[[Orig. Op. Page 5]]
To the same effect seeGruen v. State Tax Commission, 35 Wn. (2d) 1, 211 P. (2d) 651.
Thus, since the legislature has almost an unlimited discretion in determining the subjects of excise taxation and is not required to levy excise taxes uniformly, we see no constitutional objection to permitting those taxpayers who pay business and occupation taxes to credit the amount of their payments against the corporation franchise tax and to deny a credit to payers of other types of taxes, provided that the corporation franchise tax is an excise.
This leads to the consideration of whether the corporation franchise tax is valid at all. The answer to that question must depend upon whether it is an excise tax. Our constitution in Amendment 14, requires that all taxes shall be uniform upon the same class of property. This has been held applicable to all ad valorem or property taxes but not to excise or privilege taxes. The last expression of our Supreme Court on a tax similar to this was directly contrary to the constitutionality of this type of tax. In the case ofPetroleum Navigation Company v. Henneford, 185 Wash. 495, 55 P. (2d) 1056, our Supreme Court held that a corporation franchise tax measured by its income was a tax upon property and since it did not apply to all taxpayers uniformly, was unconstitutional. In so holding, the Supreme Court said:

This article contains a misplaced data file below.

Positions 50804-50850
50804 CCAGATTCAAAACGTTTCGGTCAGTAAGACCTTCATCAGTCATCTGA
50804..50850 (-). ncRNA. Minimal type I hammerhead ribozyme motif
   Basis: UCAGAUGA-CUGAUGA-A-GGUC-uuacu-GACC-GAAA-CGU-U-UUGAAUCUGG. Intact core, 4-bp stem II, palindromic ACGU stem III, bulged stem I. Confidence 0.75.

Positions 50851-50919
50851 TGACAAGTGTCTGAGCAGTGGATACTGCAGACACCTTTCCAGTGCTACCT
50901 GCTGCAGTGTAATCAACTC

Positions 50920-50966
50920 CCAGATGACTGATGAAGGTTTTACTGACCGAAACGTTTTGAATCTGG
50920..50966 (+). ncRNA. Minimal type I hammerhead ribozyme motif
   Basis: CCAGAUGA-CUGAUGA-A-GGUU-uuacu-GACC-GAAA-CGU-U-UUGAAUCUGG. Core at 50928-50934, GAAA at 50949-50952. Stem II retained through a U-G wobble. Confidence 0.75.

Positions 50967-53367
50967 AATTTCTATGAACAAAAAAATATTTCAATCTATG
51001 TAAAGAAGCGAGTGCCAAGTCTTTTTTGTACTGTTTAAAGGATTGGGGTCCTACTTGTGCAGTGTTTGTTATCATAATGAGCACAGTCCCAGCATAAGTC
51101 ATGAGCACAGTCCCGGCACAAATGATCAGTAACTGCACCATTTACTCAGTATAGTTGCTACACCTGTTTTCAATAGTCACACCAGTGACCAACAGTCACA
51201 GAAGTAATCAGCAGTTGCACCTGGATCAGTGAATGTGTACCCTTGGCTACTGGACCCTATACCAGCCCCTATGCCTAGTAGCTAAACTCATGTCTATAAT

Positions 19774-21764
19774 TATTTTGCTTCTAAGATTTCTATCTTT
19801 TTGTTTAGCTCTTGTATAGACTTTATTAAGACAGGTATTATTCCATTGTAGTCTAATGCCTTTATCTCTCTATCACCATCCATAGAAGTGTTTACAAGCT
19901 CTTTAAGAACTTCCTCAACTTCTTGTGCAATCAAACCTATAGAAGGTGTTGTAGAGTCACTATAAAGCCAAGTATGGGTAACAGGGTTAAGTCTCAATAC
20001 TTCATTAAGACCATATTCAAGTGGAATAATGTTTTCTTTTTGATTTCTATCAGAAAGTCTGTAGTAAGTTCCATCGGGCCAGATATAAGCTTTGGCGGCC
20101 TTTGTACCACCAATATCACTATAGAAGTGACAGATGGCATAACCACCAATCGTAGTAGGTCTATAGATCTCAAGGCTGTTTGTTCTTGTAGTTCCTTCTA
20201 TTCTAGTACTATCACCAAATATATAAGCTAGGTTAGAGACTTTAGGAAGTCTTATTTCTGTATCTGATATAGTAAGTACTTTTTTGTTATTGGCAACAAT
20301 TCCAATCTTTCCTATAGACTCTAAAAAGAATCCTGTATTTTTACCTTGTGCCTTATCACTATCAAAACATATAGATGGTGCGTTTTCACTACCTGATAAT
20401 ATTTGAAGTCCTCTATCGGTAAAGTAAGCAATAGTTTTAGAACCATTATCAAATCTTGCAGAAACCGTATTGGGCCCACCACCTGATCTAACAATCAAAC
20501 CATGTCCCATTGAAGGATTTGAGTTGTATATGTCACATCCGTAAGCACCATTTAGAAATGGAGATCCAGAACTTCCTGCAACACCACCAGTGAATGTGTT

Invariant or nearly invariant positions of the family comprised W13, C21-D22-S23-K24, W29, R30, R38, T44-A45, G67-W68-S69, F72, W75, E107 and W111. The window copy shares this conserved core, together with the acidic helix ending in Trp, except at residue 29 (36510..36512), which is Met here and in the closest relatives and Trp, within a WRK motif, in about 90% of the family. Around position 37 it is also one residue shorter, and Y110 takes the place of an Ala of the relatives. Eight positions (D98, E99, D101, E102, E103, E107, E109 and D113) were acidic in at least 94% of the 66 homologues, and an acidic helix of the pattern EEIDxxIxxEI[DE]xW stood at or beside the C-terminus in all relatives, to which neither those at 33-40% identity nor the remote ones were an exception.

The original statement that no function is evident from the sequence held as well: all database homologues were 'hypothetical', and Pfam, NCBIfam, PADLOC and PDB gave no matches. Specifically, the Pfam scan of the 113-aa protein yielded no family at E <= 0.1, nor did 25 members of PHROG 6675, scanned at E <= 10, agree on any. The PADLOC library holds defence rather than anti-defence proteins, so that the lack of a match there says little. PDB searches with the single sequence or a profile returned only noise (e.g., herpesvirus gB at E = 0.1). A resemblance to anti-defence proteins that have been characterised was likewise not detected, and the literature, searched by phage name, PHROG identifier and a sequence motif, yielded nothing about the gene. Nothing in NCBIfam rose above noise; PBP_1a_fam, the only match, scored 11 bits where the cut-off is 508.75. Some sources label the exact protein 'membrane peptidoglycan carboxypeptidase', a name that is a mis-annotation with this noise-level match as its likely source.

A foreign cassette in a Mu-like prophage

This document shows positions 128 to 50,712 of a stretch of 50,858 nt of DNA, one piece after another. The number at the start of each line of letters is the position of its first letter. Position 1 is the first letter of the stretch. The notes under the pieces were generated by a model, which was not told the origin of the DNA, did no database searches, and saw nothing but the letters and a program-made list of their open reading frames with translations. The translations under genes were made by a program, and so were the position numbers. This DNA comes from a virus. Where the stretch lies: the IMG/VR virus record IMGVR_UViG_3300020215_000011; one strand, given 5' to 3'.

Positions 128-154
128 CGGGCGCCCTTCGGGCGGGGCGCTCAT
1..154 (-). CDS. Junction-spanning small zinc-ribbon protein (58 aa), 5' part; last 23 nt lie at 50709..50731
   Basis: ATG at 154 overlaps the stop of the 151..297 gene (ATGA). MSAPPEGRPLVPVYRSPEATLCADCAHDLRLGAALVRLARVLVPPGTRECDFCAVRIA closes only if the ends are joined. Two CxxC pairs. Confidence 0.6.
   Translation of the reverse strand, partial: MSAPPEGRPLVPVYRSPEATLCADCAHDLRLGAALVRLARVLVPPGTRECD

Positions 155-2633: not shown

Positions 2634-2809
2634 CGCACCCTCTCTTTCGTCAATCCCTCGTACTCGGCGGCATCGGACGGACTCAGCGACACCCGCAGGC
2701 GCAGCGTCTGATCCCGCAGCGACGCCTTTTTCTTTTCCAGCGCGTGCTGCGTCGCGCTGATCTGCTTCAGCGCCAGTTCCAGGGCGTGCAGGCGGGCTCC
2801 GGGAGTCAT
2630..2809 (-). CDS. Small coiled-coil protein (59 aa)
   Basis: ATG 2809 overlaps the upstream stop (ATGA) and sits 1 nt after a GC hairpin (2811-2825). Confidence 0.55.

"The determinative question is whether the tax imposed is an excise or a property tax. The 1935 act imposes a tax, measured by the corporation's net income, for the privilege of exercising its corporate franchise in this state, or for the privilege of doing business in this state, in addition to annual license fees.
"The same question was presented in the case of Aberdeen Savings & Loan Ass'n v. Chase, 157 Wash. 351, 289 Pac. 536, 290 Pac. 697, 71 A.L.R. 232. In that case, this court held that the 1929 enactment providing for a tax of five per cent upon the net income of banks and financial corporations was a property tax. The 1929 act contained a recital that the tax was 'for the privilege of exercising its corporate franchise within this state.'